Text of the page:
Published On: Thu, Apr 7th, 2016

Odd-even day restrictions a result of unsustainable urban practices, says M.Venkaiah Naidu

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12928313_1356644961028519_157337568963852049_nNew Delhi: Imposition of ‘Odd-even day’ restrictions on vehicles in Delhi is a consequence of unsustainable urban development practices followed over the years and all stakeholders need to draw lessons from it” said Minister of Urban Development Shri M.Venkaiah Naidu here today. He was addressing Mayors, Chairpersons, Municipal Commissioners and officials from 62 cities and towns from 22 States at the National Workshop on Sanitation organized by the Ministry of Urban Development. The two day workshop will discuss strategies and technologies for making cities Open Defecation Free besides ensuring safe treatment and disposal of fecal matter, largely being released into environment untreated.

Shri Venkaiah Naidu noted that haphazard urban expansion over the years led to distortions like lack of equity in access to urban spaces, severe infrastructure deficit, poor quality of life and unsustainable urban development. He said that these deficiencies are being addressed to under new schemes launched by the Government.

Asserting that unclean environment and open defecation impinge on basic human rights, Shri Naidu urged the elected chiefs of urban local bodies to work with people for behavioral changes and increased use of toilets. He said “Mayors and Municipal Chairpersons should not think of next election. They should aim at being remembered for the good work done by them. People are rational and are willing to be led in right direction and they don’t mind paying for assured quality services”.

Welcoming the initiative of 18 States who came forward to make 400 cities Open Defecation Free by the end of 2016, Shri Naidu asked why only a set of States are in the forefront in this regard. He noted that 9 of these States accounted for 71% of the 400 cities while with Andhra Pradesh and Punjab they accounted for 88.50% of the identified cities to be make ODF. He noted that Gujarat has volunteered to make 79 cities ODF followed by Madhya Pradesh (68), Maharashtra (60), Rajasthan (33), Chattisgarh (32), Haryana(7) and Jharkhand (4). In Andhra Pradesh, 66 cities will be made ODF and 5 in Punjab.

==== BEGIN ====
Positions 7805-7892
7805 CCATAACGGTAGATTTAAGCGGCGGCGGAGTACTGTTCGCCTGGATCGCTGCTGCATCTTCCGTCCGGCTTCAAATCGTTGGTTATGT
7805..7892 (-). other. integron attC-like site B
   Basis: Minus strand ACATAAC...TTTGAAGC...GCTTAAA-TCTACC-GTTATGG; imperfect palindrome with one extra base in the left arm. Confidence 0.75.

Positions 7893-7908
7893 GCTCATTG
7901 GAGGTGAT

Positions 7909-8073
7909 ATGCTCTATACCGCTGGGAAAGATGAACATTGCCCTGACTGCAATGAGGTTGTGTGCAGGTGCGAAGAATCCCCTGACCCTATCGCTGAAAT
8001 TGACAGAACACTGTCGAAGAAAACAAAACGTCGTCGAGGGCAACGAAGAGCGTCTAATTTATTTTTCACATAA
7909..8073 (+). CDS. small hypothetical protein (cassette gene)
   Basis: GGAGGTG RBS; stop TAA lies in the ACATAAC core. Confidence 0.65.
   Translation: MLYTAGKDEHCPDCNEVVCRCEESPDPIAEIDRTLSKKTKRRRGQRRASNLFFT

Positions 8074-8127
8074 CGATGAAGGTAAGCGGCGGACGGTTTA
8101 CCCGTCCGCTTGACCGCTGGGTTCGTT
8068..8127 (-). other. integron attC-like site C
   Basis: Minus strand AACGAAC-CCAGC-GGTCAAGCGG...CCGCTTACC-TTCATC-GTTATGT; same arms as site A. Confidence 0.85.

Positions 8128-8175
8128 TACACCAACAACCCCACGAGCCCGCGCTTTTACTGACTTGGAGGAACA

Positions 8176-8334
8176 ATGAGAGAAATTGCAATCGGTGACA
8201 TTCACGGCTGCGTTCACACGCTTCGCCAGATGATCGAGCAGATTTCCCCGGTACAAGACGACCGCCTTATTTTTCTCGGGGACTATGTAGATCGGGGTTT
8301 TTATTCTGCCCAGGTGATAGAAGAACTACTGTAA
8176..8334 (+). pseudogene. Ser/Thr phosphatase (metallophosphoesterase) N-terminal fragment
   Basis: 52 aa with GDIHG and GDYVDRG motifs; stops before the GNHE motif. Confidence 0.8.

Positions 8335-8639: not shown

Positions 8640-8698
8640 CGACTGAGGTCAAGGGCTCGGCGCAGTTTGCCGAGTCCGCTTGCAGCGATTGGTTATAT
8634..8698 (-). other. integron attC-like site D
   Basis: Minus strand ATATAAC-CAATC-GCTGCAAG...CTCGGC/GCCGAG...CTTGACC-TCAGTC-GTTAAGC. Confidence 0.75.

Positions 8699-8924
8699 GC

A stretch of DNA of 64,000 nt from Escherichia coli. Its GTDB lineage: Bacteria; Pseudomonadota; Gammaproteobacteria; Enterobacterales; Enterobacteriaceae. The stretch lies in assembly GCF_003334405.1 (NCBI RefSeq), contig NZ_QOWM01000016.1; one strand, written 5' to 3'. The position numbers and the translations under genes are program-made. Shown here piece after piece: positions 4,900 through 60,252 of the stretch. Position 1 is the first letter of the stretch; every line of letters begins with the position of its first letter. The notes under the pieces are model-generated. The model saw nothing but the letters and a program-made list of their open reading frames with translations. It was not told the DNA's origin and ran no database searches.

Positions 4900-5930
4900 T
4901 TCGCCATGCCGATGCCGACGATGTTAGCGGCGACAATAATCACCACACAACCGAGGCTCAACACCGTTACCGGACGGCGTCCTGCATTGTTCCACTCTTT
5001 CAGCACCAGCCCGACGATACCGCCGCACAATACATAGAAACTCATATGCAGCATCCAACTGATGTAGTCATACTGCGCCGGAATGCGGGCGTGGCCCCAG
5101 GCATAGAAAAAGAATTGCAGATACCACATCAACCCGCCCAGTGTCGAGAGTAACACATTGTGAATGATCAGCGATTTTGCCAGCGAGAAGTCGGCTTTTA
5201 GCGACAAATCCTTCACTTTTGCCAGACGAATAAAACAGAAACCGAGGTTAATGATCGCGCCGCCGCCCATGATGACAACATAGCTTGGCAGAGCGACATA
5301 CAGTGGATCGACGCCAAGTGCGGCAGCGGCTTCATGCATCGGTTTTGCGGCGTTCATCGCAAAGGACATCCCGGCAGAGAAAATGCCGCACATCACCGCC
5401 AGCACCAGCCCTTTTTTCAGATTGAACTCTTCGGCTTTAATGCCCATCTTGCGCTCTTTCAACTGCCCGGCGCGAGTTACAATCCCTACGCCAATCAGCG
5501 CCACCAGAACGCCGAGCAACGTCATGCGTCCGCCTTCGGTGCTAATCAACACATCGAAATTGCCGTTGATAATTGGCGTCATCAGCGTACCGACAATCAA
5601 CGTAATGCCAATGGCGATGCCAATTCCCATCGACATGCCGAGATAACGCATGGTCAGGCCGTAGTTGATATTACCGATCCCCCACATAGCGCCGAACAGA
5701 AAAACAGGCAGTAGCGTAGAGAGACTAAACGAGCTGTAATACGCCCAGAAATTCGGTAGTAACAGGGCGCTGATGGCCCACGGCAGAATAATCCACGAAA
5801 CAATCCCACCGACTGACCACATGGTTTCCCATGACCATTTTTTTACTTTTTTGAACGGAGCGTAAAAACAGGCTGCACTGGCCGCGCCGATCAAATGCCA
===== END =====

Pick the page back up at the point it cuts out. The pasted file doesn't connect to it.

In Telangana, 14 cities and towns have been identified for making ODF followed by 8 in West Bengal, 7 each in Bihar and Tamil Nadu, 3 each in Uttar Pradesh and Uttarakhand, 2 in Puducherry besides Shimla and New Delhi Municipal Council.

Shri Naidu said development and nation building shall be the common goal and there is no place for politics when it comes to development.

Shri Naidu said that in line with the spirit of Team India approach for nation building suggested by Prime Minister Shri Narendra Modi, the Ministry of Urban Development has given full freedom to urban local bodies and States in formulation, appraisal and approval of projects unlike in the past when every project was appraised and approved in Delhi. Subjectivity and discretion in allocation of funds to States has been replaced by objective criteria, he said.

Shri Rajiv Gauba, Secretary (Urban Development) said: “In countries poorer than India, open defecation is not seen at the scale as in India. This raises the question as to whether the problem is more economical or with the mindsets. Locally appropriate solutions need to be adopted to address the problem. Urban development approaches in the past were fragmented while they are more integrated under new schemes launched by the Government since last year”.

Ms.Sunita Narain, Director of Delhi based Centre for Science and Environment(CSE) speaking on urban sanitation scenario said that Swachh Bharat Mission launched by the Government is a welcome initiative as it is based on a holistic approach to sanitation. She said that seeking to address the issue of treatment of liquid and solid waste is a positive feature of this mission. She expressed concern that about 80% of water leaves homes as sewage. Ms. Narain stressed on the need to address the issue of sanitation by addressing the ‘Water-Toilet-Waste-Pollution nexus’.

Referring to a survey conducted in 71 cities, Ms.Narain expressed concern that there were no proper answers to the questions of ‘Where does water come from and where does the sewage go?’ and stressed that these were the issues to be addressed.

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